Review: Jurassic Park: The Game

The late novelist Michael Crichton gave us the original Jurassic Park novel back in 1990 but for most of us, it's the movie version directed by Steven Spielberg in 1993 that captured our pop culture minds. The basic idea of ancient and extinct dinosaurs brought back to the modern world via science was combined with the most advanced CGI visual effects ever attempted in a feature film at the time to help create the creatures. The result was a movie that was pure popcorn fun and remains highly entertaining today.

There have been numerous attempts to adapt and add onto the Jurassic Park mythology via video and PC games over the years. Perhaps the most infamous was Jurassic Park: Trespasser, a 1998 PC game that had some direct involvement by Spielberg. The game attempted to create a unique first person experience centered on a woman who crash lands onto the dinosaurs' island. In the end the game failed miserably on almost all counts and is frequently mentioned by members of the media as one of the worst games ever made.

It's now 2011 and developer Telltale Games, who have created and released a number of episodic adventure games over the years (Sam and Max, Tales of Monkey Island and most recently Back to the Future), have given us the latest try to make a fun Jurassic Park game. The good news is that it's much better than Jurassic Park: Trespasser. The bad news is that pretty much any game is better than Jurassic Park: Trespasser.

At first, the storyline for Telltale's game runs parallel to the events of the film as we follow a new set of characters on the Pacific island of Isla Sorna. One is a park veterinarian who happens to have his teenage daughter with him (it's never explained why this guy could bring his daughter to a supposed secret animal preserve-wildlife park, but hey, maybe John Hammond authorized it). Another character is a mysterious woman who has been hired by the same company that convinced Dennis Nedry to steal the dinosaur embryos off the island. Early on she discovers Nedry's Barbasol shaving cream can where he hid the stolen embryos buried in the mud (she also discovers Nedry but that's another topic). That Barbasol can turns out to be the central item in the entire game.

After the first of four "episodes" (unlike other Telltale adventure games the entire "season" is available from start to finish in one game) the storyline tells what happened on the island after the survivors that are seen in the the movie are rescued by helicopter. It's in the second episode that we meet the rest of the game's main characters. There's a three man mercenary team hired to evacuate the remaining survivors off the island and a dinosaur geneticist who might have another agenda up her sleeve. The storyline is actually quite involving as you get to know the characters: most of them are not what they seem to be at first glance, which is a good thing as it kept me interested in their plight. The voice acting for these survivors is also solid.

Unfortunately, if players were expecting a pure action game in this latest Jurassic Park offering they will be greatly disappointed. The game could have easily been made as a Flash-based web browser title. There is so little real interaction that this title borders on watching a movie with a few interactive elements. Most of the action involving the various dinosaurs on the island involve the player clicking on the arrow buttons on the PC keyboard in time with icons on screen in order to run away from or fight the dinosaurs (mostly run away). There's very little challenge in these sequences.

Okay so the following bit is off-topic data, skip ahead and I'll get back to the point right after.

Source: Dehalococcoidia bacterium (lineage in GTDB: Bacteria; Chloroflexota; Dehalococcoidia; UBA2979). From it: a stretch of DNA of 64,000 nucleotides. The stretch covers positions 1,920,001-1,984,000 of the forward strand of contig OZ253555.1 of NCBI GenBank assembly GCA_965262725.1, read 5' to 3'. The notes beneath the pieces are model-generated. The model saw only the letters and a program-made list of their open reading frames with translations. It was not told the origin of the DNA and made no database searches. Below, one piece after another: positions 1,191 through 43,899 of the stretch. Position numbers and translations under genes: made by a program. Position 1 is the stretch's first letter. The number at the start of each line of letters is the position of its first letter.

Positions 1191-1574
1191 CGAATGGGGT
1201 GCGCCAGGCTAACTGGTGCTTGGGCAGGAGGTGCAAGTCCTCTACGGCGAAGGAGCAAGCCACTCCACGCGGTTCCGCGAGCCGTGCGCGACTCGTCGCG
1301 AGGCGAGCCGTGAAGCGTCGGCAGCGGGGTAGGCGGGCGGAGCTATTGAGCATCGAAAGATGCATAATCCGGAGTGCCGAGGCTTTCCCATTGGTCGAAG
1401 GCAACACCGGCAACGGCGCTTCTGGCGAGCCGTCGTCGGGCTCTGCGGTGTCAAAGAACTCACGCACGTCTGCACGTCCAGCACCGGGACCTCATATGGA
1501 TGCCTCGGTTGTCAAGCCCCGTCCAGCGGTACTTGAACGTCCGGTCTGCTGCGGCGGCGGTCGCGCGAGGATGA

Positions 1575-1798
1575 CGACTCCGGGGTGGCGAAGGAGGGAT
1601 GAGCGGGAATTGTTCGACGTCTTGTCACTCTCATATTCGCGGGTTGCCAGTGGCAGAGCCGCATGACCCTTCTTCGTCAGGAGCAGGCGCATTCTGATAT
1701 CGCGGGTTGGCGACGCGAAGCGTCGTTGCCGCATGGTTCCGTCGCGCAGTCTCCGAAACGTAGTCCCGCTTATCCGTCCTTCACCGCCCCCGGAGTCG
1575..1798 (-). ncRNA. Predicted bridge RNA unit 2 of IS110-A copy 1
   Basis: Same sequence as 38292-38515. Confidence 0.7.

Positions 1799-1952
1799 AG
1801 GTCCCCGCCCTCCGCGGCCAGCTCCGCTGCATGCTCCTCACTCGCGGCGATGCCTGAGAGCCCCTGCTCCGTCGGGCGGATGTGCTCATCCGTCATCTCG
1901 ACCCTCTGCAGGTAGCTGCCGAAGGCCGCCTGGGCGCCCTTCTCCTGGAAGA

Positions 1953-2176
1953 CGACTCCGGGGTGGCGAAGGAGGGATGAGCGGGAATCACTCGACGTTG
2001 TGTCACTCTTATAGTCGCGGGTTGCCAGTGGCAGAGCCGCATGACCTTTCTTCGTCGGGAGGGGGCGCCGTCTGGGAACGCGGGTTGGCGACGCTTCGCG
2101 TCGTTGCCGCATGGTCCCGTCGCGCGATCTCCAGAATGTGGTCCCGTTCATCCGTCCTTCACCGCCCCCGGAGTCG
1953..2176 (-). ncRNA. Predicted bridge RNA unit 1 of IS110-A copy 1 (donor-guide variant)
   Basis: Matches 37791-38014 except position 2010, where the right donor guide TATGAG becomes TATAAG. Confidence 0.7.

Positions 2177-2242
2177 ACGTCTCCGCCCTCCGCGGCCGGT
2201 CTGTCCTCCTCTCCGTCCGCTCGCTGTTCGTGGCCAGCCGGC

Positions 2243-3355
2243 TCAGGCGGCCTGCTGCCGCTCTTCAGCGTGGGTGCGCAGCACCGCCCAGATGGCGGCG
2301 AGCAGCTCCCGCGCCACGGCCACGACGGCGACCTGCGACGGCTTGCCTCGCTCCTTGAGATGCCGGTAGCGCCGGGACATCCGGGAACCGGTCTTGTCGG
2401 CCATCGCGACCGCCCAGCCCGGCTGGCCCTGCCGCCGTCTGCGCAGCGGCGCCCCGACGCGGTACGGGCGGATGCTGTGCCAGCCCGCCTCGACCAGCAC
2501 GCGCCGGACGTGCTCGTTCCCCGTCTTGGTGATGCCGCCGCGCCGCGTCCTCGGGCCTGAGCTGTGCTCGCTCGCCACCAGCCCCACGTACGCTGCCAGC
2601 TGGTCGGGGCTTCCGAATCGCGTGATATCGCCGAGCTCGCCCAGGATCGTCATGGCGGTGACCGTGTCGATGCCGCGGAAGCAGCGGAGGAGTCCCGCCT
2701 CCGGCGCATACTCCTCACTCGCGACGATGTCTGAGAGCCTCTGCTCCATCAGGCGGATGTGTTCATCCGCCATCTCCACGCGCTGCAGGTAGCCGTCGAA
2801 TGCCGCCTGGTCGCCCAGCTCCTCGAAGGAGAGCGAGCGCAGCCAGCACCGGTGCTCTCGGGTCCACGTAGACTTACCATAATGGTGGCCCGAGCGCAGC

There are also some puzzle elements to Jurassic Park: The Game that involve trying to solve problems such as powering up a wrecked rollercoaster (yes, apparently Hammond planned to have an amusement park in addition to the wildlife park on the island) or figuring out how to get an elevator working. But there are sections in the game where the player has little or no interaction at all. These mostly involve dialog choices given to you by the game in order to address characters in different ways.

Overall, most gamers should solve the entire four episode "season" in about four or five hours or so: yep, it's pretty short. On top of that the game offers little in replay value. You can get a gold status symbol if you complete a section of the game without making any mistakes but that isn't enough to go back and replay a section.

Visually the game is a mixed bag. It has some flat looking lighting and texture models, but the character models are well done for the most part and the dinosaurs, including some new ones that haven't been seen in any of the movies, look appropriate and scary.

It's clear that Telltale designed this game not for the hardcore gamer but for the very casual fans of the movie. It's likely that they will enjoy the storyline and voice acting, but we like to interact with characters, creatures, and the environment in the games we admire the most and that is just not present here.

We are still waiting for a perfect Jurassic Park game where we are in first person and exploring an open world island filed with genetically resurrected dinosaurs. Instead we have this game, which is clearly dumbed down for the people who liked the movies but have never seriously played games. Only gamers who are die hard Jurassic Park movie fans should get this game and even some of them might come away unsatisfied.

This review is based on a download code given by Telltale Games for the PC version.

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